Journalist Kerri Miller likes to put people on the hot seat, but the tables will turn on Wednesday — she’ll be defending a secret movie at 7:00 at the Trylon, and you’re invited. After the show you can demand answers to all your movie-related question and she’ll have to answer.

Miller joined MPR News in June 2004 as host of Midmorning (now The Daily Circuit) and Talking Volumes. Before that she was an award-winning television reporter for KARE 11. She has been a radio and television news reporter since 1981.

There are very few subjects that don’t interest her, but listeners to The Daily Circuit know a few of her passions: travel, books, dogs and the news biz.  This will be her first Defenders appearance, and half of the proceeds from this event will benefit the Animal Humane Society of Woodbury.  You can order advance tickets here.



With this masterful study of a woman’s descent into agoraphobic lunacy, Roman Polanski solidified himself as a  daring and relentless horror stylist. A uniquely claustrophobic film that will test the nerves of even the most seasoned horror buffs.


An absolute knockout of a movie…Prepare yourself to be demolished when you go to see it—and go you must, because it’s one of those films everybody will soon be buzzing about…..To miss it would be worse than missing Psycho, if you’ve a taste for this sort of thing.

For it is more than just a tale of mounting horrors that moves its heroine—a beautiful, sex-repressed French girl living in London—from a state of mental woe into a stage of dithering madness and then to the dark extremity of murdering a brace of fellows who happen into the lonely apartment in which she is hidden….

Within the maelstrom of violence and horror in this film, Mr. Polanski has achieved a haunting concept of the pain and pathos of the mentally deranged. He has delivered undoubtedly one of the best films of the year. —Bosley Crowther, The New York Times


Repulsion screens at the Trylon Monday and Tuesday, October 13 and 14 at 7:00 and 9:00.  Advance tickets can be purchased here.



By Trylon volunteer Colette Ricci


Start talking about the sprawling rural deserts of Texas and it won’t be long before someone mentions The Texas Chainsaw Massacre. For many, Texas Chainsaw introduced the idea of fearing rural southerners, and very well might be the crown jewel of the demented-rural-American horror movie genre. The ideas that sub-genre convey have seeped so heavily into our lexicon, you’d be hard pressed to find a city dweller that believes there’s anything to fear in the rolling countryside besides the people who live there.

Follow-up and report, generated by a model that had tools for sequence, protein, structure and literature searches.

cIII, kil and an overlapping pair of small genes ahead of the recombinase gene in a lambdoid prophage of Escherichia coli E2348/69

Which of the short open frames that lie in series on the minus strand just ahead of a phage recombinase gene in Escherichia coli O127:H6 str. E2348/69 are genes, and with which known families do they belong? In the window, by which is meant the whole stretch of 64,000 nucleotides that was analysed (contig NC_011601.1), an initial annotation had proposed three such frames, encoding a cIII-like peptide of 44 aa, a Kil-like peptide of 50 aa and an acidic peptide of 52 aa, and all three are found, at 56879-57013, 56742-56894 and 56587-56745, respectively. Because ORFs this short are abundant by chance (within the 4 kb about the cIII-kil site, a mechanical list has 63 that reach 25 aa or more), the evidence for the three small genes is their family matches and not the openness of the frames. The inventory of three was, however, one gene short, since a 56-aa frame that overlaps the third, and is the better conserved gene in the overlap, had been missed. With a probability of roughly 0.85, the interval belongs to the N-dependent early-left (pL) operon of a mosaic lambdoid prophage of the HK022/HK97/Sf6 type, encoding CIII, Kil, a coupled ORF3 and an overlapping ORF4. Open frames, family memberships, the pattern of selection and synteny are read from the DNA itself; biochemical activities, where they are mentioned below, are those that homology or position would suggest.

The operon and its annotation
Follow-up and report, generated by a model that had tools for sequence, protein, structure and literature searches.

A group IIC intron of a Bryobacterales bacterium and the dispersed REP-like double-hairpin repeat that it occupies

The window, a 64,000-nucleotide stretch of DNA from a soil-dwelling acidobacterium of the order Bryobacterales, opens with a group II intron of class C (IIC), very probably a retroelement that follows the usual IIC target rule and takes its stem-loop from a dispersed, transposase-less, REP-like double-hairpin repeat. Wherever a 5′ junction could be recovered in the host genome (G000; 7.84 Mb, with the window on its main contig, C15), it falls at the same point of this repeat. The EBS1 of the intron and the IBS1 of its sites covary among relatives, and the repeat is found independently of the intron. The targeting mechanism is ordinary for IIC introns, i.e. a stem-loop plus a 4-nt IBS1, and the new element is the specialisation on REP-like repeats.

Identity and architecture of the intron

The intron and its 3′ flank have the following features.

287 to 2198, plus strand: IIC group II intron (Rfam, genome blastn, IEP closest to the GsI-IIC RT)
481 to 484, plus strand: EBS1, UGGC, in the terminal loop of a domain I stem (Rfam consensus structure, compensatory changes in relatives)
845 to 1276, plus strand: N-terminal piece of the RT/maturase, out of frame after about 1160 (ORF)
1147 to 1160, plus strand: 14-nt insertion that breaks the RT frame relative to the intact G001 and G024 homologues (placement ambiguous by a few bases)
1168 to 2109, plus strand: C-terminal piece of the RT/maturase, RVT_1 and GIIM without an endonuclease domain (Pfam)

Thankfully, Tucker and Dale vs Evil gives us a different take on rural-horror. Tucker and Dale have a rich friendship, they encourage each other, they react emotionally appropriate in horrific situations, they discuss those emotions as they emerge, they have mundane fears of rejection and being misunderstood. Almost every rural-American stereotype and trope is smashed through Tucker and Dale in creatively hilarious or gory ways. (I mean, this is a horror movie. People run themselves through with fallen tree branches, are burned alive, and are brained by nails through boards.) But the abundant humor is not at the expense of hapless country folk nor is the horror inflicted by a country hillbilly gone mad; most of the movies action revolves around people’s perceptions of one another and what can happen if you make all your judgements at face value.

As an openminded-liberal-country gal, I thoroughly appreciate this break from the chainsaw wielding, cannibalistic, tooth missing murderous representations of my southern brethren. I just wish it would catch on…


Colette Ricci hasn’t had a cigarette in six years, but every time she watches someone in a film light up, she inhales with them.


Tucker and Dale Vs. Evil screens Friday and Saturday, October 10 and 11 at 7:00 and 9:00, and Sunday, October 12 at 5:00 and 7:00 at the Trylon. You can purchase advance tickets here.





By Trylon volunteer Dave Berglund


Who’s Afraid of Virginia Woolf?  begins with a middle-aged couple returning home after a long, formal evening of social drinking.  With tongues loosened by a good, healthy buzz, it is immediately evident that George (Richard Burton) and Martha (Elizabeth Taylor) do not have the happiest of marriages.  Thus, when Martha announces she has invited a nice young couple over for some post-party drinks, her motivation is immediately suspect. Indeed, the stage is set for a bumpy and revealing night.